Here’s another progress photo.
The next petal also shows both underside and topside of the petal, so burn the topside just like the last petal.
With the petal underside again use pull-away strokes that start at the top of the petal and get pulled down towards the base, but leave the base as the palest spot.
Two petals on the right are burned in. The left one of the two (that I’m currently working on) gets the treatment that the petal below it had: dark top edge and paler base. The petal immediately to the right gets a touch of a cast shadow along the seam where the two petals touch. Uniformly color it and contour with a wide swath (thick band) through the center of the petal’s length.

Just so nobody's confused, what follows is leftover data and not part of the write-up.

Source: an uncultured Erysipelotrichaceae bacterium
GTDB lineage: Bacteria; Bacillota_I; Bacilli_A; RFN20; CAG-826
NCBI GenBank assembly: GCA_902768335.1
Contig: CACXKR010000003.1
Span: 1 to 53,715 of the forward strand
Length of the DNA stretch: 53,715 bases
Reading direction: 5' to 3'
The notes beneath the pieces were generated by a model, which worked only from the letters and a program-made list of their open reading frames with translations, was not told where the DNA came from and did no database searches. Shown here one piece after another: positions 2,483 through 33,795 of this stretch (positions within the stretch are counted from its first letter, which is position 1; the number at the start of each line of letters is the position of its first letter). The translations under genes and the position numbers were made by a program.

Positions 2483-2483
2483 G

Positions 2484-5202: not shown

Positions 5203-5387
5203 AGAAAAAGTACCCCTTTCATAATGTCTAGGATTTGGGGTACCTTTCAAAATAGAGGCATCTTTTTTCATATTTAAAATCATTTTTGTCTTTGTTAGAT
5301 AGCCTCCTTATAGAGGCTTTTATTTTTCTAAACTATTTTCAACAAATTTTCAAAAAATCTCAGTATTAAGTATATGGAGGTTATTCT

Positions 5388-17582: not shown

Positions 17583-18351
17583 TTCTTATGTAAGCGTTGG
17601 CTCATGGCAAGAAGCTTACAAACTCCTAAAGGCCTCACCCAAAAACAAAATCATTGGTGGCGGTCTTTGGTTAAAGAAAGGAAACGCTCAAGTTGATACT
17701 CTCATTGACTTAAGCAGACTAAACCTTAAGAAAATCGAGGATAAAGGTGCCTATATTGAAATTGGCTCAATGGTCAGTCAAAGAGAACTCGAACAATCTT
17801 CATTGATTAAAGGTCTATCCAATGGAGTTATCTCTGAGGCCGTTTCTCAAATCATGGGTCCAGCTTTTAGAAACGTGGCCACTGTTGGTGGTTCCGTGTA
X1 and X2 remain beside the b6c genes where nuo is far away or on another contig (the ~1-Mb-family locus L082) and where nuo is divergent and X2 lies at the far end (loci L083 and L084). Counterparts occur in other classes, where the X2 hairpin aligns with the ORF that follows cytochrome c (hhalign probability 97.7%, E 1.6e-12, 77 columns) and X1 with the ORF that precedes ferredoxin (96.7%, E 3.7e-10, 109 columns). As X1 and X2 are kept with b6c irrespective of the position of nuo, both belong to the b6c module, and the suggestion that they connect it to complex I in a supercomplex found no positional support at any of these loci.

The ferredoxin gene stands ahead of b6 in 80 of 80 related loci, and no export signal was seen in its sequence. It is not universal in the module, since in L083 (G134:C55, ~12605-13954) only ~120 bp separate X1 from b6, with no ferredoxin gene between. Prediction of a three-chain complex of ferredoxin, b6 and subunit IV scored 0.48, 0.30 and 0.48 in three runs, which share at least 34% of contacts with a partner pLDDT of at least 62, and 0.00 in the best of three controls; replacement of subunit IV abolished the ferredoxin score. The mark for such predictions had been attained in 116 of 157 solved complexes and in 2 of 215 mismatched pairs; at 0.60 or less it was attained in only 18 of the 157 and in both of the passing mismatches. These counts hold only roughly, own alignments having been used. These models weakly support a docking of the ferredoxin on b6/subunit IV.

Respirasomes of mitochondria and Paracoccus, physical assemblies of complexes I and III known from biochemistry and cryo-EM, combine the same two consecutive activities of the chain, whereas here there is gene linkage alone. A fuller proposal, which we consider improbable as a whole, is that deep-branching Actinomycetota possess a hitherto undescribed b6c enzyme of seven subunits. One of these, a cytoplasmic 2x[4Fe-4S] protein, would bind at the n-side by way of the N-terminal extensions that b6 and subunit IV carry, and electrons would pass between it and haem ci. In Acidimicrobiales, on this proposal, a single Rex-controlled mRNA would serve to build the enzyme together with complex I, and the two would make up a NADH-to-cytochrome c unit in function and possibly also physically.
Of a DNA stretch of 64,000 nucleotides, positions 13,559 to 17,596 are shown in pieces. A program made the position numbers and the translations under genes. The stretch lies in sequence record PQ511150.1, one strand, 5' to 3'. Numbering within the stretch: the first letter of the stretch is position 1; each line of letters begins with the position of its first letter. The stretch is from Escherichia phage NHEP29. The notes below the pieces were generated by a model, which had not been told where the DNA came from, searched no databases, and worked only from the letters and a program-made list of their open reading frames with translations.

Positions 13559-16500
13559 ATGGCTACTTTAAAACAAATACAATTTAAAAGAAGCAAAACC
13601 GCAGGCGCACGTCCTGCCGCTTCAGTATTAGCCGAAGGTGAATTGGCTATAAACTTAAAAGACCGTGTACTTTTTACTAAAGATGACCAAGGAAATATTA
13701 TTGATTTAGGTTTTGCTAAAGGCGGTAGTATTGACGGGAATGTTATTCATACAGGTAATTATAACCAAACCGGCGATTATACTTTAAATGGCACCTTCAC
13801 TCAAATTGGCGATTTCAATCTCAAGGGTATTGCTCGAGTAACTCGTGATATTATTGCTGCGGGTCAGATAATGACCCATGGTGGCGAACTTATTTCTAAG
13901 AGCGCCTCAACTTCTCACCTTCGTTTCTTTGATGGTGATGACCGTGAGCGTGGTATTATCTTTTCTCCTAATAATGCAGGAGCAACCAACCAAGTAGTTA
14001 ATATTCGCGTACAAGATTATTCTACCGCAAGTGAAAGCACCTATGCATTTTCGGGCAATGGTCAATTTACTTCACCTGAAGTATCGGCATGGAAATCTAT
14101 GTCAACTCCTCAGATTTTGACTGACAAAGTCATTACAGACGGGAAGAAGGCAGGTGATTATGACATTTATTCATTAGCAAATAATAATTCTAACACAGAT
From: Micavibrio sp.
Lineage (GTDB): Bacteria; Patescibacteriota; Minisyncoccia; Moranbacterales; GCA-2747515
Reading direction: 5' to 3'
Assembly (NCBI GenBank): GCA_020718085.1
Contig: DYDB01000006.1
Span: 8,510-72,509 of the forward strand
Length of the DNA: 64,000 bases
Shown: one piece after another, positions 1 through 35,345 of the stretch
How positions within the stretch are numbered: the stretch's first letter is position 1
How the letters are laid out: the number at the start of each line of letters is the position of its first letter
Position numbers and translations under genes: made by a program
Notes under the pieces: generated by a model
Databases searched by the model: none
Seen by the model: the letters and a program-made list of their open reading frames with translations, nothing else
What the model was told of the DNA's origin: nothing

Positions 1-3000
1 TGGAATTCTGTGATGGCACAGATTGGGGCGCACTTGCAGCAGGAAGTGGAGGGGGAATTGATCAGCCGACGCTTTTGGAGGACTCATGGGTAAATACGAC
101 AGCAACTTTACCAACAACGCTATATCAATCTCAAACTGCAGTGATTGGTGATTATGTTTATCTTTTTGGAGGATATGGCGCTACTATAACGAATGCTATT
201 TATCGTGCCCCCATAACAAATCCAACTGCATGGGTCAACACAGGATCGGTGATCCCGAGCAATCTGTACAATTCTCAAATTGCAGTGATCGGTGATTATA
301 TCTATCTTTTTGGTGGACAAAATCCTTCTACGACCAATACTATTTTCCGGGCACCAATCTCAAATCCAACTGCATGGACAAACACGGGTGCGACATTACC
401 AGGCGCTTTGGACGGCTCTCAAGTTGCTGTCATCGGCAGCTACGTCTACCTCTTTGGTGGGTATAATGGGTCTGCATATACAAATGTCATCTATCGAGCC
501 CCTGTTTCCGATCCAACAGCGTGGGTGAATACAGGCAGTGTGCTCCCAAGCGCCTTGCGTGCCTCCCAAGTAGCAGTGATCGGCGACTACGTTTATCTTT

The upper left petal is a simple matter of uniformly coloring and adding ruffles.
The next petal is mostly in shadows, so the shadow gets burned in and the rest is uniform in color. You’ll have to burn the ruffles pretty dark to get them to show.
The next petal has a touch of contouring along the left edge and near the top left of the petal.
Continued work on the petal.
Here’s another progress photo. We’re almost done with the blossom.
The adjacent petal has a curve and a slight cast shadow. The curve shows the underside of the petal and it’s this curve that is casting the shadow. Burn in the cast shadow, uniformly color the rest of the petal, and then add ruffles along the top. With the curve the only thing you need to do is uniformly color it.
Burn the upper right petal uniformly in color, add ruffles, and the slight cast shadow.
The last petal gets burned uniformly and ruffles added, but it also has a slight contour that starts on the middle left and continues down towards the bottom center of the petal.